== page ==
Coulthard slammed for Bathurst actions

Fabian Coulthard left a number of other drivers unimpressed with his actions at Bathurst.
Fabian Coulthard left a number of other drivers unimpressed with his actions at Bathurst.

A "disgraceful" act failed to take the shine off Supercars series leader Scott McLaughlin's maiden Bathurst 1000 win for his Ford outfit DJR Team Penske.

While McLaughlin earned kudos for fighting off Holden's Shane van Gisbergen to emerge King of the Mountain, his Ford teammate Fabian Coulthard was slammed for his actions during a late safety car period.

A then third-placed Coulthard controversially slowed down to back up the rest of the field as top two Jamie Whincup and McLaughlin raced to their garage for a pit stop to get much-needed fuel during a safety car period with 26 laps left.

At the time Coulthard looked to have ensured a two horse race between Whincup and McLaughlin for the title after his go slow approach during the yellow flag ensured a 13-second gap between a hard charging van Gisbergen and the race leaders.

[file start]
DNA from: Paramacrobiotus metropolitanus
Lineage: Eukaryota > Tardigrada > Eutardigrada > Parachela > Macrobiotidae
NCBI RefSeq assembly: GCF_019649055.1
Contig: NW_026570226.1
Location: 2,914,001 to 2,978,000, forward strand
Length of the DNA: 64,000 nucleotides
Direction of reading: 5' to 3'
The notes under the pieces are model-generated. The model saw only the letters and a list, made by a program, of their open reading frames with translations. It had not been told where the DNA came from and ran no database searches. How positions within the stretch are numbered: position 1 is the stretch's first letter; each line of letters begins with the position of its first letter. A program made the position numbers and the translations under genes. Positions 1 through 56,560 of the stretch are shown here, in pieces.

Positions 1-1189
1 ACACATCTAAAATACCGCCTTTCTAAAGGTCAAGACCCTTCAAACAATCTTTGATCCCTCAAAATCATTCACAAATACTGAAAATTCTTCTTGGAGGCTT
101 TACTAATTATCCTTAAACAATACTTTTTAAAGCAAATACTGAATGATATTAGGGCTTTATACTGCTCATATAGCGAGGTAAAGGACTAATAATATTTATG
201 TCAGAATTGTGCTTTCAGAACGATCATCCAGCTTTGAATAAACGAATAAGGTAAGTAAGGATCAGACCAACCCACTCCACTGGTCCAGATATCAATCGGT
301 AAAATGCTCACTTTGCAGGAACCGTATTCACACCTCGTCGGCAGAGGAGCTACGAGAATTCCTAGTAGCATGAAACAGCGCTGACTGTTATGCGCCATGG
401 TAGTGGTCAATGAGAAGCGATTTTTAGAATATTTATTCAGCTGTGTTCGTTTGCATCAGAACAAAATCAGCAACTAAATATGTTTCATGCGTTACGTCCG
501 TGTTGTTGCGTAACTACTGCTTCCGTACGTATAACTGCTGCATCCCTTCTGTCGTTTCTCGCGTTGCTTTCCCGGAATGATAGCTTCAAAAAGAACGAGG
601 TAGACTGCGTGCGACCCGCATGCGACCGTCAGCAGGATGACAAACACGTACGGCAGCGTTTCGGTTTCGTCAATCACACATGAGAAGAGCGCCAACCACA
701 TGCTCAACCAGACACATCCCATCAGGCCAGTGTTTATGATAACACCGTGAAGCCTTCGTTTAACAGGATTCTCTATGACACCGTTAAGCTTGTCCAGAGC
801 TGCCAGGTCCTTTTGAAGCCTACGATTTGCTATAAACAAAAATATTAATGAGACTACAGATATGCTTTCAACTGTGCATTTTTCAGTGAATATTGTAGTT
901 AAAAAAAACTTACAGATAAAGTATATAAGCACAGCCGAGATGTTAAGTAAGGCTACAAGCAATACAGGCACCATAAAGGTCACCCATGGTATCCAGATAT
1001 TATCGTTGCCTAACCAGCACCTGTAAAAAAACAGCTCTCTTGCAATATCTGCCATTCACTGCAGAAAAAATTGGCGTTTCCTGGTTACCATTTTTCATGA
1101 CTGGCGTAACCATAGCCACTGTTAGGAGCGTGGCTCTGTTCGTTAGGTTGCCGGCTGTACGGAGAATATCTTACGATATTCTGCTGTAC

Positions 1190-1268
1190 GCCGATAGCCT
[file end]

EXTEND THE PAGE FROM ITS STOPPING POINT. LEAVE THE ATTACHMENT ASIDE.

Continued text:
It eliminated van Gisbergen's 10-second fuel advantage on McLaughlin and Whincup.

While two more safety cars emerged to dramatically change the course of the race, Coulthard was slammed for his lack of sportsmanship.

He copped a drive through penalty for his actions and finished sixth.

But he also appeared to lose a lot more than grid positions after his actions were branded "disgraceful" by Supercars legend Larry Perkins, who texted on-air reporter Neil Crompton during the race to express his disappointment.

Van Gisbergen clearly also wasn't impressed.

"We got held up in the safety car by someone, it made it tough (to win)," the Kiwi said.

"I don't want to say anything but it was pretty obvious what happened.

"It is what it is. That car (Coulthard) has been the sacrificial lamb all year so deal with it."

Coulthard's team boss Ryan Story insisted there was a problem with overheating in the car.

But Coulthard could be heard on the team radio to "slow down" repeatedly at the time.

Coulthard said he took it slow because he was unaware of the location of the incident which had caused the safety car.

"I just got told they didn't know where the incident was and to take extreme caution," Coulthard said.

Majority owner of Coulthard's team DJR Team Penske, American motorsport great Roger Penske, shrugged off the incident.

"Look I am not sure if that made the difference to who won the race," he said.

"We can look at it and talk about it but it is secondary as far I am concerned when you think about it.

"Everyone had a chance, and the two top guys duelled it out in the end and the outcome was what we wanted."

Australian Associated Press